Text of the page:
Pelosi’s Relationship With Obama Frayed, Sen. Kyl and Wyden See Hope For Bipartisanship
House Speaker Nancy Pelosi's relationship with President Barack Obama is becoming strained over roadblocks Democrats are seeing on legislation and the treatment some Democrats view as "cavalier" from the White House, Politico reports. "For months, the California lawmaker has been pushing Obama hard in private while praising him in public. But now she's being more open in her criticism, in part because she feels the White House was wrong - in the wake of the Democrats' loss in Massachusetts - to push the Senate health care bill on the House when she knew there was no way it would pass.
Teams often have nasty locker rooms when they're behind at halftime, and it would be easy to chalk up all the unhappiness to frayed nerves after Democrats failed to deliver on their big promises in 2009. But White House and Capitol Hill sources say there are much bigger issues at play here: confusion and political differences." Adding to the confusion is counting votes in a constant political game: "Neither Pelosi nor the White House knows whether Democrats can muster the 218 votes they need to pass health care or any other controversial measure through the House, despite their 77-vote majority" (Allen and O'Connor, 2/12).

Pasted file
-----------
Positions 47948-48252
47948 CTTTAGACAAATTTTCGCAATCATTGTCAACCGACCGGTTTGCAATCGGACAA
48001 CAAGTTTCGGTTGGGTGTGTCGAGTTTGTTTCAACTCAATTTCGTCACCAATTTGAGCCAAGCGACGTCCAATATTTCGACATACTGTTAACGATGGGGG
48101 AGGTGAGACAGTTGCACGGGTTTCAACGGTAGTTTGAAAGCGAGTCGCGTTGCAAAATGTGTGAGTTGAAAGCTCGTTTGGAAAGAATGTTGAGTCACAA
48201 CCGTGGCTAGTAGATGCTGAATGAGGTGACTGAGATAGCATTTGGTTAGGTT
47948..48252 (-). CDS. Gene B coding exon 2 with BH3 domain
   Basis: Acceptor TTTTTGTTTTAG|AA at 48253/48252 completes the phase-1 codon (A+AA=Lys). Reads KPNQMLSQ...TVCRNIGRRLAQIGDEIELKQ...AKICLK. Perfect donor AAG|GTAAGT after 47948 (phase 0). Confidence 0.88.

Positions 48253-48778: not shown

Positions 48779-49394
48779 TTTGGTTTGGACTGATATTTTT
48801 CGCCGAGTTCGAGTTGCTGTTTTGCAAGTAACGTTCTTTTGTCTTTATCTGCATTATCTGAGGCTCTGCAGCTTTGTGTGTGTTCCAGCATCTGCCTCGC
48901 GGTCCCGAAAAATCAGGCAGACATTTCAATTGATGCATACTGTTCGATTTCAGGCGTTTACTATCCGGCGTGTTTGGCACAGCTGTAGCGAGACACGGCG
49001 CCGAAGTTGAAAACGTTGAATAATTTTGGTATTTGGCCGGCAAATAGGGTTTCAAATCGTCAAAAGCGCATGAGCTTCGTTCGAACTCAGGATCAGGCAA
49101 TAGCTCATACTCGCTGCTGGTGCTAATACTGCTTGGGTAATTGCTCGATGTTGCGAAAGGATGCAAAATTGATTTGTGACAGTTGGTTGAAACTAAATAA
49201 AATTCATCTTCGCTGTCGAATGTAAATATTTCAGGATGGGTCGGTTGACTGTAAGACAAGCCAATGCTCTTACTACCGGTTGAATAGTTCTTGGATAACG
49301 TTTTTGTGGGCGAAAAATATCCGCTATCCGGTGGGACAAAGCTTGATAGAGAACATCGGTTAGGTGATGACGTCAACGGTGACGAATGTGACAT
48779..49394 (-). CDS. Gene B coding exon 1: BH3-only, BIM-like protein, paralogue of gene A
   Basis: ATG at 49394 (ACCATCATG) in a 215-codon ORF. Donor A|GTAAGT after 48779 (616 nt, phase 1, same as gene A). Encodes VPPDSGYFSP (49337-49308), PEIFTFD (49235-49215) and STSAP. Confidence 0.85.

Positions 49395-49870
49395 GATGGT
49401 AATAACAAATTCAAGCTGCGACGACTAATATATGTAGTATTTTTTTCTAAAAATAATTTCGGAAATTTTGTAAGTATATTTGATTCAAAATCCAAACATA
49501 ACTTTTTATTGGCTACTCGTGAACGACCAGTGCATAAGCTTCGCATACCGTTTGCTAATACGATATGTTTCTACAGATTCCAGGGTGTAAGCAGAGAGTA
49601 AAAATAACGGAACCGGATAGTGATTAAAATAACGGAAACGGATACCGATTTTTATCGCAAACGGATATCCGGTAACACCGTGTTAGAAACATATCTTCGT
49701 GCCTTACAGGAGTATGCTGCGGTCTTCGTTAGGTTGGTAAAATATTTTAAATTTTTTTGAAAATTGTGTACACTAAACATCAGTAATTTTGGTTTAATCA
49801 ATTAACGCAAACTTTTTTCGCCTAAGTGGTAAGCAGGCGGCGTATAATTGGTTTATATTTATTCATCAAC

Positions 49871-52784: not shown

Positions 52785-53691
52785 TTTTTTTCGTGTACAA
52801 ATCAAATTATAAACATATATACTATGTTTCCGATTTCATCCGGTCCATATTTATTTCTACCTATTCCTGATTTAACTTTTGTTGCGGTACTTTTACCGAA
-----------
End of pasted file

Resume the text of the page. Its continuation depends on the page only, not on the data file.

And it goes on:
Politico's Live Pulse blog reports in a separate story that Senate Republican Whip Jon Kyl of Arizona "said Thursday that the debate over health care reform has fueled the perception of a partisan divide disproportionate from reality." Kyl said: "I think there's been a lot of emphasis because a couple of major high-profile issues like the health care debate suggest that members don't work together, when the reality is, on a lot of things, we do work together and we do get things done. But there are a few very high-profile things on which there are profound differences" (Shiner, 2/11).
In other politics news, Roll Call reports that the "grass-roots arm of the Democratic National Committee is stepping up its efforts to back lawmakers who support health care reform - and pile more pressure onto moderates still on the fence." Organizing For America received pledges from members of more than 1.5 million hours of work for candidates who support reform efforts, Roll Call reports (Bendery, 2/11).
The New York Times reports that Sen. Ron Wyden, D-Ore., who sponsored a bipartisan health reform bill with Sen. Bob Bennett, R-Utah, "predicted on Thursday that Republicans and Democrats could find common ground at President Obama's bipartisan health care summit on Feb. 25." Wyden's bill has been cited as a hope for bipartisanship on health reform, and Wyden said he sees a few policy proposals as opportunities for bipartisanship. "'I have been talking to a number of Republicans and Democrats and the White House,' Mr. Wyden said, 'The Republicans in the Senate have said one of their top priorities is to promote what's called interstate shopping for health insurance.'" Wyden said, however, that he is skeptical of such a plan because it would require much greater consumer protections (Herszenhorn, 2/11).